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Focusing on Future Generations

Openness fits with AstraZeneca’s values and commitment to ethics and transparency. We take pride in our work and the impact it has on the lives of patients. Quality science can only be achieved with a culture of care and commitment to high animal welfare standards.

AstraZeneca’s research focus is wide-ranging and touches countless lives. Our study areas include oncology, vaccines and immune therapies, respiratory and immunology, cardiovascular, renal health, metabolism and rare diseases.

The majority of our science is carried out without the need for animal use; however, animals do still play a small but critical role in our work and we take responsibility for the care and welfare of our animals very seriously through a strong commitment to the 3Rs.

· We Reduce the number of animals we work with to the minimum amount required to achieve the scientific objective.

· We Refine our studies to optimize animal care and welfare.

· We continue to invest in new non-animal-based technologies, such as micro physiological systems, that have the potential to Replace the need for animals in research.

Alongside our contribution to the 3Rs, we also believe it’s critically important to ensure that our colleagues at AstraZeneca who are not directly involved with research animals understand when, why and how we work with animals. As part of this commitment, we host annual employee events such as Biomedical Research Awareness Day and an awards program that recognizes and celebrates achievements in the 3Rs of animals in research. This program underpins our culture of care for our animals and our staff.

AstraZeneca holds other internal events throughout the year as well, including presentations and facility tours for interns and employees who show interest in learning more. These events bring employees all throughout our business together and help to increase awareness of our animal use. They are also an excellent opportunity to engage with new employees, contractors and visitors, while at the same time recognizing employees for their contributions.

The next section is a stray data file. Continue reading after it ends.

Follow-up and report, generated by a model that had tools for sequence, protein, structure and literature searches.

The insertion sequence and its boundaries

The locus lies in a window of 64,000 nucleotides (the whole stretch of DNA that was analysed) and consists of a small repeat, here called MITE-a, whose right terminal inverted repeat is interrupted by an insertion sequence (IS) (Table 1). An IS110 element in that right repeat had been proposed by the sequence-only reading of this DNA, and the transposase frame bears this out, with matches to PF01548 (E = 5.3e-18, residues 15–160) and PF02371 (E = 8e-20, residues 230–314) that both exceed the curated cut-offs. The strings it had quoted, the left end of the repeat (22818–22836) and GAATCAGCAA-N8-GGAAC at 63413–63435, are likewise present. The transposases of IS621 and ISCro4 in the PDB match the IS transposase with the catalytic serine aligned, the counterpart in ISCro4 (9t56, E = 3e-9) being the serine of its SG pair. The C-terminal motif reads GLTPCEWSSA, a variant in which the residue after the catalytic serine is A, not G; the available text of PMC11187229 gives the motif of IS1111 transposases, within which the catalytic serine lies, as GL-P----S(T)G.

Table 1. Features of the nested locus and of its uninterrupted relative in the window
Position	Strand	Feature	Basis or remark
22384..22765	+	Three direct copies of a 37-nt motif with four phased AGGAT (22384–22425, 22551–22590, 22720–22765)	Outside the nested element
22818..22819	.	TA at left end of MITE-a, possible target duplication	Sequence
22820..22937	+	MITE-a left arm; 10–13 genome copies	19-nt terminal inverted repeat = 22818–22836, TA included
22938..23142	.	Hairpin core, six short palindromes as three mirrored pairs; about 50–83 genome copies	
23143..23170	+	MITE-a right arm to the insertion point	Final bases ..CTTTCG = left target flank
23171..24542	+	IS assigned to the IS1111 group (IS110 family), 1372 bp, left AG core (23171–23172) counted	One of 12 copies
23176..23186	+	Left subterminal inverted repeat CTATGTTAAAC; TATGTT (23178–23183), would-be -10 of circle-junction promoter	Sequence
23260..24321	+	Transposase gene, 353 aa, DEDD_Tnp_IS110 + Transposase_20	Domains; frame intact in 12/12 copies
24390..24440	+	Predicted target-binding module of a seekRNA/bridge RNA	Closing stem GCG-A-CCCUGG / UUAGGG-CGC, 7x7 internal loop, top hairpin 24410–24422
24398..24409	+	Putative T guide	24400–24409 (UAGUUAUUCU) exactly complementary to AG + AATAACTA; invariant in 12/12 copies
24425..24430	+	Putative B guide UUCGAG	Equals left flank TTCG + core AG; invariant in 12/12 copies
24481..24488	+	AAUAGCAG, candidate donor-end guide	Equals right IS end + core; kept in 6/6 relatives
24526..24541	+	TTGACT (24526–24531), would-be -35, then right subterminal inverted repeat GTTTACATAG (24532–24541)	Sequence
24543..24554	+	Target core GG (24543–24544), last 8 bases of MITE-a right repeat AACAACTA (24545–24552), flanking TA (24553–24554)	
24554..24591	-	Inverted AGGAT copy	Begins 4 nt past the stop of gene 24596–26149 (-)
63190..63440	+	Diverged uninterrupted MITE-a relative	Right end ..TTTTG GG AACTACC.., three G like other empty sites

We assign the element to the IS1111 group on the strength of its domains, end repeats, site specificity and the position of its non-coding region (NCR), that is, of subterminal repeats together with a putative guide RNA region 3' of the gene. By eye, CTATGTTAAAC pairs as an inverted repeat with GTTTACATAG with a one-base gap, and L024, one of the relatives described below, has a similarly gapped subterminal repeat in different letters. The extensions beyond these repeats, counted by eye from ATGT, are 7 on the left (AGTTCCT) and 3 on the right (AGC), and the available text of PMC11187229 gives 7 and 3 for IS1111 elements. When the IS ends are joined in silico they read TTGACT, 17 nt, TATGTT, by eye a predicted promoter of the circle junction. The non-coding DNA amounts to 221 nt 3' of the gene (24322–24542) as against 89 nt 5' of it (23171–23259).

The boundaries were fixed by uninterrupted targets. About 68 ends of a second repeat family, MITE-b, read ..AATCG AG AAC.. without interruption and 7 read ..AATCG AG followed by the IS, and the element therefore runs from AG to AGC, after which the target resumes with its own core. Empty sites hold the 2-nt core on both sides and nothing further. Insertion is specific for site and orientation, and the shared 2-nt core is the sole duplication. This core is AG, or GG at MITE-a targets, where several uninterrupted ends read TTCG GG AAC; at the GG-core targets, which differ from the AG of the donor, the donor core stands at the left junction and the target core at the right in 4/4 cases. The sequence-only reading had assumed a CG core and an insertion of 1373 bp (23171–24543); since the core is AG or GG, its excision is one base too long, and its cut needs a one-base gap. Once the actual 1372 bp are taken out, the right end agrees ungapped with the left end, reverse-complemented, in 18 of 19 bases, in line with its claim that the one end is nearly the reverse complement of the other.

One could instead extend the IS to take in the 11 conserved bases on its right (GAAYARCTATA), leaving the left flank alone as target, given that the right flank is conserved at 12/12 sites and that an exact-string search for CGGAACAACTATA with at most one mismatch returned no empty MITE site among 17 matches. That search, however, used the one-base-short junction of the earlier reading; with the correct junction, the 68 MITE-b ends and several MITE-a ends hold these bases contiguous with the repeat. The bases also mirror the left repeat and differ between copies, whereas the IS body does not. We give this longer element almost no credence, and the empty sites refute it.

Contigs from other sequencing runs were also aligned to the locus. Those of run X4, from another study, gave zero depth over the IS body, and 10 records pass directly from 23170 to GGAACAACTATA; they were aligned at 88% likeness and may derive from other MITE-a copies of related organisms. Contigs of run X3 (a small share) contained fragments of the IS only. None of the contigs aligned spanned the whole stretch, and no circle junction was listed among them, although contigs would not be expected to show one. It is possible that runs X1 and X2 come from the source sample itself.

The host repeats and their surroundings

When it comes to our public education efforts focused on the involvement of animals in research, we take great pride in our work with aspiring young scientists. Our goal is to allow future generations to honestly experience our animal research program and how animal studies are important in the discovery and development process for medicines. To date, we’ve connected with over 500 high school and college students through both facility tours and virtual experiences. We have been able to show them what science looks like while demonstrating the high level of care, respect and compassion it takes to work with research animals.

Over time, our company’s education efforts have been bolstered even further by the use of virtual technology. Webinar programs, combined with in-person events, have allowed us to significantly expand our audience to include people all around the globe, whilst still maintaining connections within our local communities. We’re also pleased to report that audience engagement and enthusiasm for these events has continued to grow as our program has expanded.

Whether we’re communicating with students or our own staff, we always try to tailor each of our events to the background of the audience. For example, we offer more detailed science-based presentations about research areas to audiences with a more scientific background as well as general discussions about animal research for more lay audiences. We initiated these efforts after partnering with biomedical research advocacy organizations, including Americans for Medical Progress and Understanding Animal Research, to leverage existing public outreach and openness experience to design thoughtful, well-rounded events.

The feedback we’ve received in response to these programs has shown that awareness and appreciation of how we work with animals at AstraZeneca has increased. We’ve developed new relationships and enhanced existing ones with employees and departments not traditionally associated with animal research. We have also noted several benefits when it comes to relationships with the community and biomedical research advocacy organizations. We think one distinct sign of success is that we are now being approached with requests to host future educational events, rather than simply offering them on a set schedule.

Finally, if we were to offer any advice to other people who are considering similar openness activities, we believe engaging with colleagues is a great first step. Reaching out to different departments to introduce the subject and gauge interest can help identify key audiences. When engaging with the community, it is advisable to involve corporate affairs, public relations, or similar teams in your openness plans. Patience is critical, but so is persistence! The adage, “it’s not a sprint, it’s a marathon” certainly applies.

To find out more about scientific innovations at AstraZeneca and the small but critical part animals in research play at AstraZeneca, please visit the following links.


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